Through a greater part of 2010, Delhi kept count of the accommodation available for the hordes of visitors that were supposed to descend for the Commonwealth Games in October. As hotels added more rooms in anticipation, the Games came and went amid much controversy, but the rooms remained empty. The tourism boom never came.

Tourist attraction: F1 driver Daniel Ricciardo on Rajpath in New Delhi during a promotion of the Indian Grand Prix. By Gurinder Osan/AP

During a traditionally lean period, when there are few business travellers due to Diwali, most hotels in the luxury and business category in the Capital are looking forward to an uncharacteristically busy weekend. “Business travel would have been less but thanks to the F1, we have seen a surge in bookings. The general buzz among people is getting increasingly feverish," says Taljinder Singh, general manager, Taj Palace Hotel, New Delhi, which is more than 60km from the Buddh International Circuit in Greater Noida.

To ease the long commute on one of the heaviest traffic routes in the NCR, Taj is offering daily transfers to the venue and packed meals for the trip as part of its F1 package, priced between 18,500 and 32,000 a night for a minimum stay of two nights.

A company spokesperson at Travelocity, a travel portal, says the spillover effect is being felt as far as Gurgaon. “There is a good demand for hotels across Delhi, including Gurgaon. These are people who are looking for a high quality stay for which they don’t mind the extra travel," he adds.

At the otherwise pastoral Greater Noida, the Jaypee Greens Golf and Spa Resort in Jaypee Sports City, where the F1 track is located, is reserved exclusively for the teams and their support staff, while Radisson Blu Greater Noida, which is the only other five-star in the vicinity, will host the spillover guests. “Our hotel is almost sold out during the event. Most of the guests staying in the hotel are part of the F1 racing teams," says Suraj Kumar Jha, general manager of Radisson Blu, which opened in June.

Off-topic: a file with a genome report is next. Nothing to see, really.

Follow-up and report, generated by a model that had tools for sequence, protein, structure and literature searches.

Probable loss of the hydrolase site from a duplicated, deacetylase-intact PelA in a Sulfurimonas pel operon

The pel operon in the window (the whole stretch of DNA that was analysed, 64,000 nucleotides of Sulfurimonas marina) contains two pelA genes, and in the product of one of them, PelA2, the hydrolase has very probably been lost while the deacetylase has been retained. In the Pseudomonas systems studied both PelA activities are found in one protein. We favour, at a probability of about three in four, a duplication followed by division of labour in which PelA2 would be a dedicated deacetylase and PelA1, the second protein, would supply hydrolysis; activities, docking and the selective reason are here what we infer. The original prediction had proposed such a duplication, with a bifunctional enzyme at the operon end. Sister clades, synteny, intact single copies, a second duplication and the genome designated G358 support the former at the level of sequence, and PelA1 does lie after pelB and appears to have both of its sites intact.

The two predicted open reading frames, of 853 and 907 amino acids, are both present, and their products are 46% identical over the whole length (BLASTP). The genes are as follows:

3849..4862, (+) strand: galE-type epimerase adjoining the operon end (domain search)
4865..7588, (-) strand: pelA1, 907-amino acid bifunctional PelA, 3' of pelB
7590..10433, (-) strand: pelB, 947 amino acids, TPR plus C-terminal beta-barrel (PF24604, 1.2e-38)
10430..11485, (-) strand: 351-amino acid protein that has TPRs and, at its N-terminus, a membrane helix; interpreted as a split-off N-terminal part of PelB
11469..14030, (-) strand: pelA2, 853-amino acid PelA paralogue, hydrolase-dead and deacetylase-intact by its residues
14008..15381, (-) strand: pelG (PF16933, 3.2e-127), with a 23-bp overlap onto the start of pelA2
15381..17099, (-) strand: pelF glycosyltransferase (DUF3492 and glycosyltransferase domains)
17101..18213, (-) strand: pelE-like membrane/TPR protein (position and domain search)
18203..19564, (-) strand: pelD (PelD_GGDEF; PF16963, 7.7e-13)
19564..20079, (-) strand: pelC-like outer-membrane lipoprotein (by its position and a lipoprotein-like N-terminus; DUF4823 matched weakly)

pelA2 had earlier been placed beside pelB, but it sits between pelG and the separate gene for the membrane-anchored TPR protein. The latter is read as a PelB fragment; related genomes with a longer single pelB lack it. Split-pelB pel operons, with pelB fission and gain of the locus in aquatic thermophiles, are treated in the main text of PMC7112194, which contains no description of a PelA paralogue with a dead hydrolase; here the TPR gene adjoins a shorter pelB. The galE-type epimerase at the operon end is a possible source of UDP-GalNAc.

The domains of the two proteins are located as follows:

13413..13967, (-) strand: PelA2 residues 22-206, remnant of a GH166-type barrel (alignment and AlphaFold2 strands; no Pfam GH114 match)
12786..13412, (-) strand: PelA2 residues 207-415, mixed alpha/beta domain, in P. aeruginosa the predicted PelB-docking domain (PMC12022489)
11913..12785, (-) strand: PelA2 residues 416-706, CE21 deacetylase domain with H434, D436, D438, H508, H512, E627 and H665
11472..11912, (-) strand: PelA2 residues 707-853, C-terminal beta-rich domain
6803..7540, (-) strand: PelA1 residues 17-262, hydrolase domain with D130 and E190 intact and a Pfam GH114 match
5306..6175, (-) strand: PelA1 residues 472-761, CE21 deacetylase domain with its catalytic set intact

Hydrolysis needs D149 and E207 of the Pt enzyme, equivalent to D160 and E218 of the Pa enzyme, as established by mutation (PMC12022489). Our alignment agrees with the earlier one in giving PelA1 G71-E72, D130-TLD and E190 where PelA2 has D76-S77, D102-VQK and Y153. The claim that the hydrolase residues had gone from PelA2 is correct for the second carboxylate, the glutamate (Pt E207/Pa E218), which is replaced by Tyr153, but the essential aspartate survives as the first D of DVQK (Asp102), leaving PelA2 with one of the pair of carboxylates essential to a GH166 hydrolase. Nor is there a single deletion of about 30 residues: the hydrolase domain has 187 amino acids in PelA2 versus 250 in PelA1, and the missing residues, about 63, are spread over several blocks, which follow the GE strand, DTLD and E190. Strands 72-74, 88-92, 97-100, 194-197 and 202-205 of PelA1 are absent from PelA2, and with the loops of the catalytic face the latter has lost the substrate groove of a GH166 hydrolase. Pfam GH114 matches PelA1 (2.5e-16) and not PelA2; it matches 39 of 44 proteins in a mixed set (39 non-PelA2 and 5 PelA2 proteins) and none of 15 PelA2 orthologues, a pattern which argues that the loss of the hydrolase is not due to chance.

For instance, the rate at the Radisson Blu for the weekend starting 21 October is 7,499 (for their most basic room) and 19,499 for the deluxe suite. The rates begin at 25,000 for the weekend starting 27 October.

With few other options for luxury or even business hotels in Greater Noida, hotels in neighbouring Noida and East Delhi, though, have been the biggest beneficiaries of the buzz generated by F1.

Around 40km away, at Noida’s Sector 18, the nearest commercial hub, there is no accommodation available at the Radisson property that weekend, while at Mosaic, a business hotel in the same neighbourhood, only club class rooms are still available at 18,000 plus taxes a night. According to the Mosaic website, the rates for the weekend before the event are between 6,500-22,000 for rooms of various categories.

Just across the inter-state boundary, the new Doubletree by Hilton Hotel in Delhi’s Mayur Vihar is heavily booked. Next to it, another new Hilton property, which is scheduled to be inaugurated in a few days, is also nearly sold out. “The rooms at our hotels are booked to capacity during the F1," says T.P. Sreejith, director of operations, DoubleTree by Hilton. Incidentally, Hilton Hotels and Resorts has been associated with the F1 World Championship since 2005 as a corporate partner of the Vodafone McLaren Mercedes team. According to the hotel’s website, rates for the F1 weekend vary from 16,200-19,450 a night, plus taxes. For the weekend preceding it, the rates are 6,750-8,000 a night.